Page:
When Bruce Springsteen performs in concert or makes an appearance anywhere these days, the internet is filled, the next day, with fans’ photos, videos and mini-reviews. But it wasn’t always that way. For the first few decades of The Boss’ career, photos were rare, cellphones didn’t exist, and if you heard anything about a particular show, it was likely from a friend who was lucky enough to be there.
Immersing yourself in Lawrence Kirsch’s book “For You” is like revisiting that world, where fans are eager to enlighten fellow rock fans about this incredible new artist they’ve just seen in concert for the first time. There’s enthusiasm on every page, and magic in nearly every photo.
“For You” is a handsome 206-page coffee table book with more than 200 stories from fans, and more than 400 photos, many of which are otherwise unpublished. Though not a biography, per se, it tells the story of Springsteen’s career, from the ’70s to the 2000s, through the eyes of his fans.
Kirsch published a limited edition of “For You” in 2007, and it sold out quickly; for years, the only place you could get a copy was on a website such as eBay. But he recently re-released it in a second limited edition, and is selling it at ForYouBruceBook.com.
The photos are of Springsteen onstage, and backstage, and playing softball, and doing the Tunnel of Love cover shoot, and walking down a street by himself in Amsterdam — not aware, perhaps, that a fan has spotted him — and much more. Of course, E Street Band members are shown in many photos; there are even a couple of shots of Suki Lahav, the violinist who performed with the band in 1974 and 1975. Musicians such as Neil Young, Bono, Ronnie Spector, Jon Bon Jovi and Peter Wolf pop up from time to time, too.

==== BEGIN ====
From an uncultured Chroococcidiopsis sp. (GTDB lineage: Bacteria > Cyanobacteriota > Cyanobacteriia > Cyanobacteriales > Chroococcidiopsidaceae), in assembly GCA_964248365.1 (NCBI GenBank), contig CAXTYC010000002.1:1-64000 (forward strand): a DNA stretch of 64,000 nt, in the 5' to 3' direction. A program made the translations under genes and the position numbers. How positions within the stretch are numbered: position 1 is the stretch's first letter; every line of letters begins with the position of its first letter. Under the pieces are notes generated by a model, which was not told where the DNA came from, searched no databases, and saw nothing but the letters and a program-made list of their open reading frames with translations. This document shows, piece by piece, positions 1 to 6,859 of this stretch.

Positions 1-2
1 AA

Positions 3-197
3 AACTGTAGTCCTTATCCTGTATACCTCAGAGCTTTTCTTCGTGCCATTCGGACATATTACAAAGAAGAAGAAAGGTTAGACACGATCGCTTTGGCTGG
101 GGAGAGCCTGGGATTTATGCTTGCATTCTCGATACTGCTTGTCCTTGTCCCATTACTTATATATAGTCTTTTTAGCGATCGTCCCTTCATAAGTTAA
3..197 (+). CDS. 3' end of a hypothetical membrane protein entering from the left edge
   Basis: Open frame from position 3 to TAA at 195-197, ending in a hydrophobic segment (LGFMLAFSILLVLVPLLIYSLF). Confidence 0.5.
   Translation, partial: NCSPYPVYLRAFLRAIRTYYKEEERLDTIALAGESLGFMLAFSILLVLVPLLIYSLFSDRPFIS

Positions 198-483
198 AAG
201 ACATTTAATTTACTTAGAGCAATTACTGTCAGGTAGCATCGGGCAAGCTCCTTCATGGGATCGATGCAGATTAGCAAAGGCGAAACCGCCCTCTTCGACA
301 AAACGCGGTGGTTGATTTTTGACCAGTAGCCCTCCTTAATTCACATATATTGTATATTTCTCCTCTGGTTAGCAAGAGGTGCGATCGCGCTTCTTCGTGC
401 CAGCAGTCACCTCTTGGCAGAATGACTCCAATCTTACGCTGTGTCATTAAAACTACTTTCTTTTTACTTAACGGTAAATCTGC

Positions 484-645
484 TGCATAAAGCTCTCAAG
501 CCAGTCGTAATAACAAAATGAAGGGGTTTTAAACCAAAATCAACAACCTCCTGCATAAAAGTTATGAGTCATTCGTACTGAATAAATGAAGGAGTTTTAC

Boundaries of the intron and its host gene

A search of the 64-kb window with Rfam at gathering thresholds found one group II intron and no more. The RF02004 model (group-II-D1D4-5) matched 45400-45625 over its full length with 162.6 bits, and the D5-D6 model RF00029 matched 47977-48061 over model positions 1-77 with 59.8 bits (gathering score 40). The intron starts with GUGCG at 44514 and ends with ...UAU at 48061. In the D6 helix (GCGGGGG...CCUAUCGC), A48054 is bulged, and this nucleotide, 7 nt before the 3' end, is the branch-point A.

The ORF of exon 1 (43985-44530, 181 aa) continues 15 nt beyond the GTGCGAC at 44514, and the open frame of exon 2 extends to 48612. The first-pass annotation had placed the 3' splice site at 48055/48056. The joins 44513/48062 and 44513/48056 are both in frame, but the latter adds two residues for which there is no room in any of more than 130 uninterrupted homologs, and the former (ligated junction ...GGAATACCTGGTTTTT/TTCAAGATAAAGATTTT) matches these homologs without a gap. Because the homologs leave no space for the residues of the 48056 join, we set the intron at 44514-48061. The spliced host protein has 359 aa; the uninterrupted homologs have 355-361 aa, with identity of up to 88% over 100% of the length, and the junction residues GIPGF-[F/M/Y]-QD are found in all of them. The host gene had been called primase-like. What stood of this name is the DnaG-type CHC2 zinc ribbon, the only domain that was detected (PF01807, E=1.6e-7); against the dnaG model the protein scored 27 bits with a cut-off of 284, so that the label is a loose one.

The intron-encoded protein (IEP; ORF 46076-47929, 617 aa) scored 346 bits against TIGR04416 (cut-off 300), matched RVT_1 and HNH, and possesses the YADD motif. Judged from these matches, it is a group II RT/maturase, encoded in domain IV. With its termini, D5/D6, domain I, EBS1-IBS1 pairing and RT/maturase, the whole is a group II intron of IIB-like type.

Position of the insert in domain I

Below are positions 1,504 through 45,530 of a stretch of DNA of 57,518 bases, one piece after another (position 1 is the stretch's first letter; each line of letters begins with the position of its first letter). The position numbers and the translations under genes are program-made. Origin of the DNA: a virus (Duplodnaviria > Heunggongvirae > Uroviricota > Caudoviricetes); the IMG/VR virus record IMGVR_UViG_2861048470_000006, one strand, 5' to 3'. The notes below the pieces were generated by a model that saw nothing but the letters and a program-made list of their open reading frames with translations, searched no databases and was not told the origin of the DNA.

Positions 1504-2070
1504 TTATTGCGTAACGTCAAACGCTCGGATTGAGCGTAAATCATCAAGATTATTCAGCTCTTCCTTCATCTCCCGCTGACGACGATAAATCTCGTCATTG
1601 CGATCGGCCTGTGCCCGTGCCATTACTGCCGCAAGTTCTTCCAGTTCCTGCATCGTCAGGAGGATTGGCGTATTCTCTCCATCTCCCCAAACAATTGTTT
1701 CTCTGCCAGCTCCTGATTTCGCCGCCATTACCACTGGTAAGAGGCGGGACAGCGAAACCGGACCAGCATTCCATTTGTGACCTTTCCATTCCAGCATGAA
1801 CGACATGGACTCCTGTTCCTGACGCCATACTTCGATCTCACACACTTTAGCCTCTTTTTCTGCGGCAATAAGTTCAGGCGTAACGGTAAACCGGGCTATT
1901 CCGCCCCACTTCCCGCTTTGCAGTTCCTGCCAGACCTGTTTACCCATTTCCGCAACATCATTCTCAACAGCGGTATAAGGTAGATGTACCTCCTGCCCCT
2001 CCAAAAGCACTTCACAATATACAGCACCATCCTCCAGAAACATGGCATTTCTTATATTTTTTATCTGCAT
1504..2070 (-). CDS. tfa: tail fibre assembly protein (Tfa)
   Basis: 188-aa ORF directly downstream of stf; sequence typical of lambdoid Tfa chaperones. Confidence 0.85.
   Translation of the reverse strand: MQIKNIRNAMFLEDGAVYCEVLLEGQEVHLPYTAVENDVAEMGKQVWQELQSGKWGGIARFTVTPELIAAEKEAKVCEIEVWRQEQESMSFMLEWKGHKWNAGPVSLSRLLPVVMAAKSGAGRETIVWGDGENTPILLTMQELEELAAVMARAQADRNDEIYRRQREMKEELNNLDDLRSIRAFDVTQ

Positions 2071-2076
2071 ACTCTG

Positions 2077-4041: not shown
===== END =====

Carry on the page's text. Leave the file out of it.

Kirsch received some 1,500 submissions of stories to run in “For You.” A lot of fans write about their first Springsteen shows, or favorite moments from favorite shows. But there are also stories about getting tickets for a sold-out show in a serendipitous way … or the night they went to a show by someone else and Springsteen made a surprise appearance … or the night they ran into Springsteen at a diner … or just some thoughts on the way certain songs resonate with them, every time they hear them, through the years.
Sometimes the mini-essays are breezy, but they can get quite deep. Sarfraz Manzoor, for instance (the British-Pakistani journalist whose story was told in the 2019 movie “Blinded by the Light”), writes about the song “Candy’s Room,” and how one line from that song in particular — “In the darkness, there’ll be hidden worlds that shine”— helped him get through a difficult time in his life.
Historical events (9/11, Hurricane Katrina, John Lennon’s death) make it into some of the stories. So do politics. But most of the entries are of an intensely personal nature. I think my favorite may be Harold Dean Beverly’s two paragraphs. He writes about seeing Springsteen in Virginia, in 1974, and how Springsteen jumped into the crowd, pointed at him and shouted, “Rock, you son of a bitch!”
“He made me into a new person inside, as well as a greatly improved singer/songwriter,” Beverly writes. “I’ve never seen things in quite the same way since that night.”
“For You” is available at ForYouBruceBook.com.
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